The market is starting to worry about the blue-chip names in the Dow Jones Industrial Average.
The benchmark index has been under pressure in recent weeks as President Donald Trump's trade policy threatens to upend the business of a number of multinational corporations that are also Dow constituents. Most recently, the Dow was dragged lower by the likes of Boeing Co. (BA) and Caterpillar Inc. (CAT) , which could face significant headwinds from Trump's tariffs on steel and aluminum.
As the Dow struggles to digest news of more protectionist trade policy, options traders have exhibited measured anxiety about the future of the index and its possible underperformance. Implied volatility on an exchange-traded fund tracking the Dow is at its highest level relative to the broader market since the global financial crisis of 2008-2009, according to data from Bloomberg.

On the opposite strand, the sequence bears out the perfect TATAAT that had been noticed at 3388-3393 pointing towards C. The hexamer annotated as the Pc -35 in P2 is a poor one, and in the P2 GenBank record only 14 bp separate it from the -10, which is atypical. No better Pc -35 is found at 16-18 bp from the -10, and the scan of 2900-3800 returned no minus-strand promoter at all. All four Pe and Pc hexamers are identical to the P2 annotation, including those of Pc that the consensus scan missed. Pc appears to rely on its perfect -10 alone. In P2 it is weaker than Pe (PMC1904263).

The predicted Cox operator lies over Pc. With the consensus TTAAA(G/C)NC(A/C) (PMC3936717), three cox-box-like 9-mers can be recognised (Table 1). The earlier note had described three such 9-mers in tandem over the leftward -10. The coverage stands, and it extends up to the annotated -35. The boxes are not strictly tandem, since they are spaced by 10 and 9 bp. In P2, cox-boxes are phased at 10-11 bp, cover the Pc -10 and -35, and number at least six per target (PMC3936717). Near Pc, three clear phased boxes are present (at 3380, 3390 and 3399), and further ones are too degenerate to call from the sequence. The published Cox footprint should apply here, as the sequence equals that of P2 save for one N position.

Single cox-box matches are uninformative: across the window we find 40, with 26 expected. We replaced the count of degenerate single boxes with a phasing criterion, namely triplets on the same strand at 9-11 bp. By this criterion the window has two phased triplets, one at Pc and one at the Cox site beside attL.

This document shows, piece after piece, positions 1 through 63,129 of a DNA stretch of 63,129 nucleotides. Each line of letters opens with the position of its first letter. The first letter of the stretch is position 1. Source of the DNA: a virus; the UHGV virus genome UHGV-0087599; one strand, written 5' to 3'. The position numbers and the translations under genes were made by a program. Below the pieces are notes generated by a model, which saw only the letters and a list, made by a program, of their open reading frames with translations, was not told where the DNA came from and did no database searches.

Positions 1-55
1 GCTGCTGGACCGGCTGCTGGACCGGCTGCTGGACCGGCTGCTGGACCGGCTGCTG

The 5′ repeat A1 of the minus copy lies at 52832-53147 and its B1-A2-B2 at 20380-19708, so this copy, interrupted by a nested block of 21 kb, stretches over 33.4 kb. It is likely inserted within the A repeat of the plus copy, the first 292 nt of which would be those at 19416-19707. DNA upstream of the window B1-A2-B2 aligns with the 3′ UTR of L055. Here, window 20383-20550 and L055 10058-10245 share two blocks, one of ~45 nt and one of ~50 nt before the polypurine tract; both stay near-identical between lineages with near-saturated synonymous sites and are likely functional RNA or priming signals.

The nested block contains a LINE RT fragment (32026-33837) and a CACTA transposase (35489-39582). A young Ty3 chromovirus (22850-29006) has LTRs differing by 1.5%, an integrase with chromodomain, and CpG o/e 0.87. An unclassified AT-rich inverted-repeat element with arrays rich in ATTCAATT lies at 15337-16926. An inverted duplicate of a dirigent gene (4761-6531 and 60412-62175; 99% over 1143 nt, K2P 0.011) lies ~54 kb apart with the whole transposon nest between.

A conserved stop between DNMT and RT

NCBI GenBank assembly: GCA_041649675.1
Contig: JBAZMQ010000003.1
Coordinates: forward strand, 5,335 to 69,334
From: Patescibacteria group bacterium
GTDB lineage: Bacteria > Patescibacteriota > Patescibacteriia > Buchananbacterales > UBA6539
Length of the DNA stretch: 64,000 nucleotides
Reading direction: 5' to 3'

Implied volatility on the SPDR Dow Jones Industrial Average ETF Trust (DIA) , or the measure of options prices hedging against volatility on the index, hasn't reached this high in comparison to the rest of the market in nearly a decade.
The Dow has rebounded from recent lows. However, the nearly decade-old record of implied volatility on the index suggested options traders remain on high alert for underperformance.
In premarket trading Wednesday, March 14, the futures pointed to a higher open for the Dow. Futures for both the S&P 500 and Nasdaq were also higher.